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Enneagram Theory: Fixations (Habits of Mind) – Vengeance

This 9th blog in the series Enneagram the Fixations (Habits of Mind) focuses on Vengeance, the fixation normally associated with Enneagram style Eight. In Eights (really in all of us), Vengeance refers to the mental process of rebalancing wrongs through thoughts related to anger, blame, and intimidation. These thoughts about the desire for “righting” wrongs, even if we don’t act upon them, is the idea that another has caused injury and they deserve – even if it is just in our minds – some justified harm in return as punishment, deterrent, or both.  All of us, not just Eights, engage in Vengeance.

Enneagram Ones
Here is the way in which Ones engage in thinking that can be understood as their version of Vengeance:
Vengeance inciters | thinking someone has (1) criticized them, (2) not acted responsibly, (3) taken arbitrary control, or (4) lied to them
Vengeance behavior-related thoughts | accusations and blame that often gets verbalized or displayed in strong body-language of disapproval and dismissal
The development work for going beyond Vengeance | Ask yourself this question:  Am I listening with an open heart and open mind

Enneagram Twos
Here is the way in which Twos engage in thinking that can be understood as their version of Vengeance:
Vengeance inciters | thinking someone has (1) taken them for granted, (2) used them, (3) not listened to them or dismissed them, or (4) hurt other people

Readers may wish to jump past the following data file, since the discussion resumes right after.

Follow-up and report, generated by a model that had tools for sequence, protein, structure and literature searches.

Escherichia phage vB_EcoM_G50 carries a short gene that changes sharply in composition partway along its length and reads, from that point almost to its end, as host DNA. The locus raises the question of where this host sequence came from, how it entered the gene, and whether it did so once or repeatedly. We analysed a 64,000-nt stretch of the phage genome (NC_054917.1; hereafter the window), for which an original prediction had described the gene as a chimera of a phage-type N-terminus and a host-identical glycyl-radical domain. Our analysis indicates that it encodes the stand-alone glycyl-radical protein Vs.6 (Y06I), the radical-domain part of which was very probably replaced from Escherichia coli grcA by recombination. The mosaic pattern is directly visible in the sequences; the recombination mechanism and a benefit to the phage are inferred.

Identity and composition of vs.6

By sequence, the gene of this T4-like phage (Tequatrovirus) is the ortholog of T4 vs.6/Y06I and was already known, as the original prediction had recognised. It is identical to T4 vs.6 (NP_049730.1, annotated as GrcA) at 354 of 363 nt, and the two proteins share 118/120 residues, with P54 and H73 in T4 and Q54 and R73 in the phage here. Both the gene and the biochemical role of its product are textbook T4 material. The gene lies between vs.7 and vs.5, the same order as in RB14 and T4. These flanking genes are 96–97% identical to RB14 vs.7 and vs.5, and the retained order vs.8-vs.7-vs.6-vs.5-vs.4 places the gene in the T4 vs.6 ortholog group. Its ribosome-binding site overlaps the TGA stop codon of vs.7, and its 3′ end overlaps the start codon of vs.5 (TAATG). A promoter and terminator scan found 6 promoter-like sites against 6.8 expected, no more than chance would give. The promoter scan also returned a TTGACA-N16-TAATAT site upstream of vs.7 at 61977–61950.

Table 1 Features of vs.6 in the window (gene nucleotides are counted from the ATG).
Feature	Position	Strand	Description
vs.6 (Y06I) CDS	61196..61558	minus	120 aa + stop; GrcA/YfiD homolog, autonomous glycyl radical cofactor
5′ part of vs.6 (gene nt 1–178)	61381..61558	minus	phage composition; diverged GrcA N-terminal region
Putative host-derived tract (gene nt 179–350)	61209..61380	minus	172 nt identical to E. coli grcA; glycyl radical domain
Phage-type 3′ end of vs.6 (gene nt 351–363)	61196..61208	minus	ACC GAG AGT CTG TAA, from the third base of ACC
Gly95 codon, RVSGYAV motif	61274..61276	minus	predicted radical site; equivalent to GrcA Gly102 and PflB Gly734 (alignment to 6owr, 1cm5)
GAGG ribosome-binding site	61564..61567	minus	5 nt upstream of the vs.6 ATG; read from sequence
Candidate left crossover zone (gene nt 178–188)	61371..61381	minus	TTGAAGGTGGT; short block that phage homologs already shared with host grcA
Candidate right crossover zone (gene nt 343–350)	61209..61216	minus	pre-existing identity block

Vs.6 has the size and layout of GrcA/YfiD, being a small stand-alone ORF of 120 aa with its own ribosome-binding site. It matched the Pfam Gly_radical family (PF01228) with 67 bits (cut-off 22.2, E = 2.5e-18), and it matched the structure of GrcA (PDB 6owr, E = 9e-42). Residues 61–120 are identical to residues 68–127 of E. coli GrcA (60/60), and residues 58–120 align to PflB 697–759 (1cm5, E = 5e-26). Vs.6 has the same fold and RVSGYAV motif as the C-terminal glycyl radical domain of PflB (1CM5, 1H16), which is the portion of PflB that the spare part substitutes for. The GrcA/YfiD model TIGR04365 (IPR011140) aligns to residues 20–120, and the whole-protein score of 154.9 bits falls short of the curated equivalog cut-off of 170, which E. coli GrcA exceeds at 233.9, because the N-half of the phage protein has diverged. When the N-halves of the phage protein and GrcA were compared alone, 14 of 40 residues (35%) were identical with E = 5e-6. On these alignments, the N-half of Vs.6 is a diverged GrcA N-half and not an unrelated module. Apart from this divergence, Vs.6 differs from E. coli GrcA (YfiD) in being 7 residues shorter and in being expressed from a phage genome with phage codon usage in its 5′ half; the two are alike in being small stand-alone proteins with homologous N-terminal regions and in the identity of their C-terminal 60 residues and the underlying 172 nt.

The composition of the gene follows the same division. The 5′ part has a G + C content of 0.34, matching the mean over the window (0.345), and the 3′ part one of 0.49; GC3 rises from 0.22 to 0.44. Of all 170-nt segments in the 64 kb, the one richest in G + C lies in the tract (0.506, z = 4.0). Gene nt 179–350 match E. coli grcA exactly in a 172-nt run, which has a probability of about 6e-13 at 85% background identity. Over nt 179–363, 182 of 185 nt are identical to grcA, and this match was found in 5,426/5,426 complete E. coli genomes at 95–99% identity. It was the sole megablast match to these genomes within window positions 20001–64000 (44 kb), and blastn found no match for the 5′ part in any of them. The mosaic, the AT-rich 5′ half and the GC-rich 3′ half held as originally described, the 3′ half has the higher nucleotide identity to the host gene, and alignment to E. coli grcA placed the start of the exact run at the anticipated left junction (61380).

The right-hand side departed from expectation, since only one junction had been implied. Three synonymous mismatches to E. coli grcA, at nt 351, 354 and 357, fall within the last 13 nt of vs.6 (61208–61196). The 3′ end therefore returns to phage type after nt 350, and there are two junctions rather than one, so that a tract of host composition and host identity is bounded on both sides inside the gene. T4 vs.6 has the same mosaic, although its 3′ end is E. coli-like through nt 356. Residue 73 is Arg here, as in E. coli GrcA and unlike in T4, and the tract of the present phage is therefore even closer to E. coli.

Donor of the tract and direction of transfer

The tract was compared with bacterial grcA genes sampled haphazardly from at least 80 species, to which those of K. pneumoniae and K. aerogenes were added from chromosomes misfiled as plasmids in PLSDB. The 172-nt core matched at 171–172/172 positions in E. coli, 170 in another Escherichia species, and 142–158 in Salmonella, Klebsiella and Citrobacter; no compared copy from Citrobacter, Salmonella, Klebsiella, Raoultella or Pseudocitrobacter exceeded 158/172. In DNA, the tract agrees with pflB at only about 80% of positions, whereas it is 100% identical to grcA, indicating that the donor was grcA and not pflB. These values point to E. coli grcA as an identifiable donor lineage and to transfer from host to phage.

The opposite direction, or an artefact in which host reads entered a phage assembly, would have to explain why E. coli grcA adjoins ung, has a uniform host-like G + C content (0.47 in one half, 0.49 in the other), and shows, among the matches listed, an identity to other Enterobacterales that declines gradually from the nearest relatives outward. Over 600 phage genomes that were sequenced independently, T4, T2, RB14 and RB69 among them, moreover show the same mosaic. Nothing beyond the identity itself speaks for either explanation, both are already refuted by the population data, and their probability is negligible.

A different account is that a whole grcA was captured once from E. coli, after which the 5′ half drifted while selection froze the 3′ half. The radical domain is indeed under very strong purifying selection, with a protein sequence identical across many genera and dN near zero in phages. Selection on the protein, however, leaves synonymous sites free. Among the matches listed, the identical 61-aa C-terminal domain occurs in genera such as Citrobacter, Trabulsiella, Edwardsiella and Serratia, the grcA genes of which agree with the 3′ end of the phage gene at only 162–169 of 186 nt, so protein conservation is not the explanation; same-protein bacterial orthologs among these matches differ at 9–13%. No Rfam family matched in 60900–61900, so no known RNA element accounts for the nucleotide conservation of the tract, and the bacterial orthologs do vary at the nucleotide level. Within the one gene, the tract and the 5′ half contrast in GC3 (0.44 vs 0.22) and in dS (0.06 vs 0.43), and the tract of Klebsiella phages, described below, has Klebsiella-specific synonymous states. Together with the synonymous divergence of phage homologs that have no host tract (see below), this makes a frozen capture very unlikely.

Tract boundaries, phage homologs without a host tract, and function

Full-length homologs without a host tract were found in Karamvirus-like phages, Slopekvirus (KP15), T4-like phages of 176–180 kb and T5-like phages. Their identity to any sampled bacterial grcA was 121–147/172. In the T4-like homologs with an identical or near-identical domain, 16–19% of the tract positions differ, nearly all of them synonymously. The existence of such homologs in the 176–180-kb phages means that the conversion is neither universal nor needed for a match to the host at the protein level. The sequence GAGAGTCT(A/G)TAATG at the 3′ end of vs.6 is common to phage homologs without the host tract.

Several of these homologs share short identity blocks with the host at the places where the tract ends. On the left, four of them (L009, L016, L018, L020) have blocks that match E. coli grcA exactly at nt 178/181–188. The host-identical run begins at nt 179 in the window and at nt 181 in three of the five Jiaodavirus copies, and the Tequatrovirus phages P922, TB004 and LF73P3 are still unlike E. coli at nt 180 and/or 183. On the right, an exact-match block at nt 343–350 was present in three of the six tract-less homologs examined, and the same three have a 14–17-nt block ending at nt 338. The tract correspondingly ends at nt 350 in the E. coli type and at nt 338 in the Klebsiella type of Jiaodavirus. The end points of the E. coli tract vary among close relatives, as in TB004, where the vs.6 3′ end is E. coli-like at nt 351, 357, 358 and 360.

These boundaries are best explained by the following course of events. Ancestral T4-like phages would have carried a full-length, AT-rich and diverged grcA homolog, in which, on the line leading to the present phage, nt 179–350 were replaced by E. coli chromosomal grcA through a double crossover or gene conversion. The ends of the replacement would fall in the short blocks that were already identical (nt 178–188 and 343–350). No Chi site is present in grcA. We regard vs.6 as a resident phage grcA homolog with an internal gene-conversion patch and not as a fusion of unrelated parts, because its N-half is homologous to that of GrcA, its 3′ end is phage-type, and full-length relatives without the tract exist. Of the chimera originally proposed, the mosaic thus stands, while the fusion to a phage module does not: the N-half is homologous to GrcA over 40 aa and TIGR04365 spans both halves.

Vengeance behavior-related thoughts | categorizing the other person in a variety of negative ways, from being rude to having deeply rooted character flaws; deciding to make the other invisible by completely ignoring him or her
The development work for going beyond Vengeance | Ask yourself this question:  Am I expressing my own needs and my own feelings directly and in real-time?

Enneagram Threes
Here is the way in which Threes engage in thinking that can be understood as their version of Vengeance:
Vengeance inciters | thinking someone has (1) made them look bad, (2) sabotaged them, (3) blamed them for a problem that was not the Three’s responsibility, or (4) taken credit for what was the Three’s work
Vengeance behavior-related thoughts | dismissing the person as a “loser;” thinking of ways to not have to engage or interact with that person